The Importance of Swimming Pool Circulation
We all know that pools have skimmers and jets but do you know WHY these parts of the pool are important? These are parts of the pool that are for more than just sucking water in and removing debris then shooting it back out. These parts are super important for the sake of pool circulation in the pool itself. Much like blood needs to circulate through the body, so does water need to circulate through the various parts of the pool in order to keep the water in good chemical balance. If you fail to circulate the water properly then you will find that your pool is dirty and unsanitary. So we went out in search of an article to support what we already know to be true and found this gem!
We developed a 3-step process to taking care of your swimming pool: The 3 C’s of Pool Care. They include, circulation, chemicals and cleaning.
Circulation is the first step in the process. Circulation plays a major role in all parts of the process. Circulation of the pool water allows you to filter your water, which is cleaning. It also helps to spread the chemicals you add to the water, like stirring a cup of coffee after adding cream and sugar.
All three steps are necessary for proper pool care, but without circulation, the other two steps would be impossible.
What Makes Good Pool Circulation?
Every pool should be equipped with a pump and a filter, at the very least. Circulating the pool water is performed by your pump. The pump sucks in the water from the pool by the skimmer, or the rectangle hole in your pool with the failing door (sometimes).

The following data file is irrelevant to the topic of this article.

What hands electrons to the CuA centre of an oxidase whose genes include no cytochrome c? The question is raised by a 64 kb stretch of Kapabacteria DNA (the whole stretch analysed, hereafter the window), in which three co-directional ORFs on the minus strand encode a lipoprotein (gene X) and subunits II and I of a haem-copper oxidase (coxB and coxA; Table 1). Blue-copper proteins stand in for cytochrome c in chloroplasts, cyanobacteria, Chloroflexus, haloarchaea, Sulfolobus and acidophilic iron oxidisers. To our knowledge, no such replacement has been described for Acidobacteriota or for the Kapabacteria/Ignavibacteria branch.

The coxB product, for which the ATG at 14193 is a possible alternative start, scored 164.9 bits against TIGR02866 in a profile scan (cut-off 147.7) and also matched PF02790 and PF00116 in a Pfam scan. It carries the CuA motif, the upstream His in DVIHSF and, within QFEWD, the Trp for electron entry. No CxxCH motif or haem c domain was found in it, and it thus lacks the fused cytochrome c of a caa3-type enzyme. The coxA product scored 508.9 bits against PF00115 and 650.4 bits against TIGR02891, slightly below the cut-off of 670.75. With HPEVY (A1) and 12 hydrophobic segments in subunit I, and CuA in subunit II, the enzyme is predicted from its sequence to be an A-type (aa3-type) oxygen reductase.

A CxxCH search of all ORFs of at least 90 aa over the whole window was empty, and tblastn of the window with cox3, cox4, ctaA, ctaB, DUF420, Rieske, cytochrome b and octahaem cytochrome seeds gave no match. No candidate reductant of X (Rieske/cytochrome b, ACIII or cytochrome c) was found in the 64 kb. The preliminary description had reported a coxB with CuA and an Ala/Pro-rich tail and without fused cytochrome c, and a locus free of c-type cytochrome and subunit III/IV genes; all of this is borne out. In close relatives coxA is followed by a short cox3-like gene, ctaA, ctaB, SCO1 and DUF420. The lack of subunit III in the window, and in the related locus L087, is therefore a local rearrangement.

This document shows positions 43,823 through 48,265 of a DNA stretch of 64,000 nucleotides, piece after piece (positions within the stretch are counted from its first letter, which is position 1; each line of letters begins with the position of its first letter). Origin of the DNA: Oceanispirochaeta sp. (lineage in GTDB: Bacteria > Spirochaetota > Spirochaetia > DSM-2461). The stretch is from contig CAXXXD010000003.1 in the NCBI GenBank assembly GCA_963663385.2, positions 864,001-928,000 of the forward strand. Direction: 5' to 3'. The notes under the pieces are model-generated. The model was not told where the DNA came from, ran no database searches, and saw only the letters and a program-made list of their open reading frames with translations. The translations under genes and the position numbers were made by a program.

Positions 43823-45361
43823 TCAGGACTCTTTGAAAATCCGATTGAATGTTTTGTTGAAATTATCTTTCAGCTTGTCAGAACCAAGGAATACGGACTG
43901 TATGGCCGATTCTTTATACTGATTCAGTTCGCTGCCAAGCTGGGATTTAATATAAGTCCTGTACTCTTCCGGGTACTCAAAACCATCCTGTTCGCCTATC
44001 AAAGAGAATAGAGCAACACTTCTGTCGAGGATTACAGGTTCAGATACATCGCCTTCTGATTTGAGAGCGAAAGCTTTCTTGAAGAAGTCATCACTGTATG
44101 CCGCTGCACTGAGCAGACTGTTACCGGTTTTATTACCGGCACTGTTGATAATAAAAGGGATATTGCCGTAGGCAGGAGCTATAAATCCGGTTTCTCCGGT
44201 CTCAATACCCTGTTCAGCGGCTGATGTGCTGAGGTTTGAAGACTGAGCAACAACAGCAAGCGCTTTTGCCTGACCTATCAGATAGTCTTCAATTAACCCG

Once the water is sucked out the pool by the pump, it passes through the pump and into your filter. The filter’s job is the clean the water by filtering out particles that are making your water dirty.
After it passes through the filter, it’s pushed back into your pool through a jet, which is a little round hole in your pool (some pools have multiple jets and multiple skimmers).
Your return jet should be multi-directional, if it’s not I would suggest getting a new jet fitting that will allow you to direction which water the water is pushed back into your pool. This whole process is circulation of the pool water.
How To Improve Pool’s Circulation
It’s good practice to point your return jet in a direction that will spin the water in your pool, hence, circulate.
If your pool only has one jet, it’s a good idea to point the jet to the opposite side of your skimmer and downwards. This will circulate the water and also mix the water on the bottom of your pool to the surface.
Dead areas are spots in your pool that have poor circulation. Some commons spots include:
- Behind your ladder(s)
- In and around pool steps
- All cracks, creases, crevasses
- Underneath the skimmer(s)
Sometimes these dead areas are unavoidable. You can do your best to point your return jets to improve these areas, but you may just have to take care of these areas manually. This is why it’s important to always have a pool brush handy.
This is a major part of pool circulation. Every pool is going to have a few dead spots, so practicing good circulation also includes brushing your pool. You should brush your pool often, at least once a week.
For the rest of this article please go to swimuniversity.com.